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Introduced moth is a pest to green industry
STARKVILLE, Miss. -- A new moth has become a serious pest to the greenhouse and nursery industries since it entered the state in 2010.
Blake Layton, an entomologist with the Mississippi State University Extension Service, said the European pepper moth was detected in California in 2004 before showing up in Mississippi six years later. Its caterpillars attack a wide range of ornamental plants and vegetables.
“The European pepper moth can be especially damaging to nursery and greenhouse crops such as chrysanthemums, poinsettias and geraniums,” Layton said. “Infestations are difficult to detect, and problems often go unrecognized until heavy damage has occurred, resulting in plants that are unmarketable.”
The feeding behavior of this moth’s caterpillars sets it apart from that of most similar insects.
“They tend to remain near the base of the plant, leaving silk webbing along the surface of the growing media,” Layton said. “They will even tunnel into the potting media and feed on roots.”
These caterpillars can attack all parts of the plants. Damage primarily includes defoliation of lower leaves, boring into stems and girdling the main stem at the base of the plant.
“This type of injury is similar to that caused by a beaver chewing the bark off a pine or sweetgum tree,” Layton said. “These caterpillars will even eat dead leaves lying on the growing media and roots growing through the drain holes in the bottom of the pot.”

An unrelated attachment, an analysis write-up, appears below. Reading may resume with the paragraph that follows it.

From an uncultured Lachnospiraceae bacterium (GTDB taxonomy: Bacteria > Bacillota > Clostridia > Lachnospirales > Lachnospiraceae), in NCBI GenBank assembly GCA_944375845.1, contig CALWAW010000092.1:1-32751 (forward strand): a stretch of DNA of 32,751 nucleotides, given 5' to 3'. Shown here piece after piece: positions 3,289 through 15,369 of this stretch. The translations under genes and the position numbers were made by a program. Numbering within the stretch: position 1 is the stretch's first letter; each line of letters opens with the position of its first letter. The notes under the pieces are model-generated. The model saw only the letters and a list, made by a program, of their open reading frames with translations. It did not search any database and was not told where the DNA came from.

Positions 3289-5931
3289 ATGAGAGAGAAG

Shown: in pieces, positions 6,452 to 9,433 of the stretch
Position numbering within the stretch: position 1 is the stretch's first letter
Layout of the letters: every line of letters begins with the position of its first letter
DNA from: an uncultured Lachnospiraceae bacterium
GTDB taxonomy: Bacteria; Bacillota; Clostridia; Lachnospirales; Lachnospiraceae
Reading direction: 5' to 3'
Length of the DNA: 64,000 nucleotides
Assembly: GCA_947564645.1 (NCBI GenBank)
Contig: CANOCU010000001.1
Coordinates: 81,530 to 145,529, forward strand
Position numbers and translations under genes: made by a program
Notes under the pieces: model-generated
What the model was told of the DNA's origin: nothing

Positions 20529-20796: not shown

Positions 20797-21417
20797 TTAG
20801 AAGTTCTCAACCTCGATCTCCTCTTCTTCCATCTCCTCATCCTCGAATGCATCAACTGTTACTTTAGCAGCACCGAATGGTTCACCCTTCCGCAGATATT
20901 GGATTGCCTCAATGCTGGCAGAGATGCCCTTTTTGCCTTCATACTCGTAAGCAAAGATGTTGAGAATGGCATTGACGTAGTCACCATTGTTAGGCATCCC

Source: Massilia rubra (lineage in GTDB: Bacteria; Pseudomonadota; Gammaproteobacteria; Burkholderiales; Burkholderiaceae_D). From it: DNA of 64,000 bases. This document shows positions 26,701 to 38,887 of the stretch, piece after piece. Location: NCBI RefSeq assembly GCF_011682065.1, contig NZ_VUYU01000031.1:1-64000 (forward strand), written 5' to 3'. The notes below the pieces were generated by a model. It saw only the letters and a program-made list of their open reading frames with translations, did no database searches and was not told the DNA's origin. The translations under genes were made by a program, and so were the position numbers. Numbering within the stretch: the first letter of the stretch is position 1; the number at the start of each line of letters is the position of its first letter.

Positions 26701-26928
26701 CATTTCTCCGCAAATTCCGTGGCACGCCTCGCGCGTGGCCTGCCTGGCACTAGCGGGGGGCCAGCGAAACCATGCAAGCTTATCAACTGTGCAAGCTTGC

As adults, these small, gray moths are less than half an inch long and relatively inconspicuous. When flushed, they tend to fly just short distances before coming to rest on the undersides of leaves, where they are difficult to see. Using commercially available pheromone traps is the best way to determine if the moths are present in a nursery or greenhouse.
Fred Ensz, owner Busy Bee Nursery in Macon, has been dealing with the European pepper moth caterpillars in geraniums and mums.
“Two years ago, we lost 50 percent of our mums crop to the European pepper moth,” Ensz said.
When his plants in the greenhouse began to wilt, Ensz brought in Extension plant pathologist Alan Henn to dissect the plants and identify what he thought was a rust disease. The wilt was being caused instead by the moth, which they did not discover until late that season.
“Blake was the one who found it first,” Ensz said. “He had heard that these moths were coming into the state. He set up a trap in our geraniums, because they like geraniums, and found them.”
The moths are difficult to see, even on a bright, sunny day, and they are even harder to treat.
Control of European pepper moths is difficult, as the caterpillars feed deep within the plants or within the growing media, where they are difficult to reach with foliar sprays. Certain pesticides are effective when properly applied, which means the spray penetrates the outer canopy and reaches the base of the plant and the growing media.
Whether this pest has become established in the landscape or remains in the nursery and containerized vegetable trade is not yet known. Based on the climate of its native habitat, the European pepper moth could become established on the West Coast and the Southeast. In the landscape, they seem susceptible to very cold weather.